You only have to look at Gary Speed’s career statistics on Wikipedia to realise what an absolute legend this man was in the British footballing world. A 22 year career with 677 league appearances under his belt is some going. As if that isn’t impressive enough, 535 of those appearances where in the top English division. He is fifth in the all time Premier League appearances table and if you take cup competitions into account, it comes to 840 appearances. I don’t think I’ve had played that many games on my Playstation, never mind actually on a football pitch. He is still the most capped outfield player for Wales, whom he captained, as he did with most of the clubs he played for in his career. He scored a goal in the Premiership in every single season from its start in 92/93 until 07/08. What. A. Player.
By all accounts he was an outstanding person as well, who was forging a promising career as the Wales manager before taking his own life at just 42 years old in 2011.
From our clubs perspective, Gary turned up in 2004 as one of a long line of Allardyce’s astute signings. I’ll be honest here, I did wonder as to whether Big Sam had gone too far paying a £750k transfer fee and giving a two year contract to a player just shy of his 35th birthday. I was so very wrong. Speed turned out to be an absolute bargain, who went on to play for the next three and a half seasons for Bolton. All in the Premier League I might add. During his time with us he became the first player to make 500 Premier League appearances when he played in Bolton's 4–0 victory over the Hammers in 2006.
I fondly remember watching him, in a team that at that time contained players such as Campo, Jay Jay and Stelios, but still catching the eye game after game with commanding midfield performances. It was an absolute pleasure and privilege to have witnessed Gary Speed playing in a Bolton Wanderers shirt.
But another reason to tip your hat to this incredible man is to acknowledge that mental illness knows no barriers and is a subject that should no longer be taboo. Gary Speed, phenomenal football player, promising manager, intelligent, hard working, grounded, good looking, Mr Nice Guy, adored and respected by both his colleagues and fans alike, suffered from severe depression. One can only wonder at the torment this fella was going through when he took his own life five years ago.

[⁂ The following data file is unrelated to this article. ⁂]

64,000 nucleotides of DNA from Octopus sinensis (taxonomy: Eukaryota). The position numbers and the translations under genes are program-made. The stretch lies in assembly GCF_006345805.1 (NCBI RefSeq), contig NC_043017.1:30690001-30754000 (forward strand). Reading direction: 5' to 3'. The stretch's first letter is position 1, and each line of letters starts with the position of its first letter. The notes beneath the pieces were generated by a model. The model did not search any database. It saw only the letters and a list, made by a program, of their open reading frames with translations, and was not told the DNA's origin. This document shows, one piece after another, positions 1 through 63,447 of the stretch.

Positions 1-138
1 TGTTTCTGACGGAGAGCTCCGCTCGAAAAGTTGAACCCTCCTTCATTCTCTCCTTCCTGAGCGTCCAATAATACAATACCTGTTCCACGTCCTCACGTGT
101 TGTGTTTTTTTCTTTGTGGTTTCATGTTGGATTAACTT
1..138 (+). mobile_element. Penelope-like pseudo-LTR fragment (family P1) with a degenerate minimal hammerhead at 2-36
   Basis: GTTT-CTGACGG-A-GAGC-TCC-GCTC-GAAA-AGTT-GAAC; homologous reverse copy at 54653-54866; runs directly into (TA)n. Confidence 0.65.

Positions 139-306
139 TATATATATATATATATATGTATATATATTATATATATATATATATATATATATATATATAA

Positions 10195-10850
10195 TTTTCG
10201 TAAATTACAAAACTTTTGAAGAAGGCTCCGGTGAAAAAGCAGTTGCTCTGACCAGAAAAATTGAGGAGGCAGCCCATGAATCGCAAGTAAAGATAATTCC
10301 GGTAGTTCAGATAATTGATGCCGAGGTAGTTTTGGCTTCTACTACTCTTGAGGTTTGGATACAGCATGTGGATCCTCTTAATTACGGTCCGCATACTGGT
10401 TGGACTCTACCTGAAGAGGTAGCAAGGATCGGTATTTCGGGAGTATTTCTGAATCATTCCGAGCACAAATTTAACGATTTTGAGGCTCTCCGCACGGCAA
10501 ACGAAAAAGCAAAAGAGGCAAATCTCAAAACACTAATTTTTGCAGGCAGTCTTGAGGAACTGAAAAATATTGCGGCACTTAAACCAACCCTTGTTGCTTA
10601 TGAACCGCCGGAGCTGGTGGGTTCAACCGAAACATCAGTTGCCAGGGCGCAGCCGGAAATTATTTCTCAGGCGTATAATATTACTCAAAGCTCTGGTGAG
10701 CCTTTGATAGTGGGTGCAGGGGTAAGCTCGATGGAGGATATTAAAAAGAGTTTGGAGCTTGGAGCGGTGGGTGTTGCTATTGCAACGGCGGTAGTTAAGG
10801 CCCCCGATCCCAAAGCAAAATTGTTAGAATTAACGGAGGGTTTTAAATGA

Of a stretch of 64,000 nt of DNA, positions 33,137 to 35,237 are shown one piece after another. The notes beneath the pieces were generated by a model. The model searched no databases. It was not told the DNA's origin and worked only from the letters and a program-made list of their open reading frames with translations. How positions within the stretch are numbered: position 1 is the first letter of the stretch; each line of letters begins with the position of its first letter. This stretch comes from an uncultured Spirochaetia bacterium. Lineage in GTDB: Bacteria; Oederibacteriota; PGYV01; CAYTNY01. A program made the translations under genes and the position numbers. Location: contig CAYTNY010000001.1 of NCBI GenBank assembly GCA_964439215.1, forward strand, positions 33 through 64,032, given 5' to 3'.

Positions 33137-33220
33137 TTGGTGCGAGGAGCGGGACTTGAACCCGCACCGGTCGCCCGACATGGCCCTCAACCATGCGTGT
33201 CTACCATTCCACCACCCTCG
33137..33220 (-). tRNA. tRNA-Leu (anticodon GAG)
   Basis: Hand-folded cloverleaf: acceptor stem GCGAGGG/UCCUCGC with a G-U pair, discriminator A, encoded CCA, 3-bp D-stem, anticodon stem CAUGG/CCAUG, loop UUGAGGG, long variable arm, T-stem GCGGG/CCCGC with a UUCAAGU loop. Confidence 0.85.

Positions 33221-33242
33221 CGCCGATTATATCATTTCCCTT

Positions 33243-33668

Incredibly, medical statistics show that 25% of the UK population will suffer from a mental illness at some point in their life. This isn’t just a condition where someone is feeling down in the dumps for a few days but something that, for whatever reason, will have a big impact on a person’s life for a period of time that in many cases can go on for months or even years. Hopefully the barriers that have kept this subject in the dark are coming down. I know that on Facebook the 22 press ups over 22 days challenge is doing the rounds to raise awareness for veteran suicide prevention and PTSD. There are many other challenges raising awareness for something that affects all walks of life and it is all a good thing. Hopefully, by highlighting this very important issue, some small good can come out of the absolute tragedy of such a high profile figure taking his life.
Ultimately, my thoughts are with Gary Speed's immediate family and particularly his wife and two young lads. They must have had a very tough day for what should have been day for celebration. Yes, Gary Speed's birthday is an anniversary worth remembering.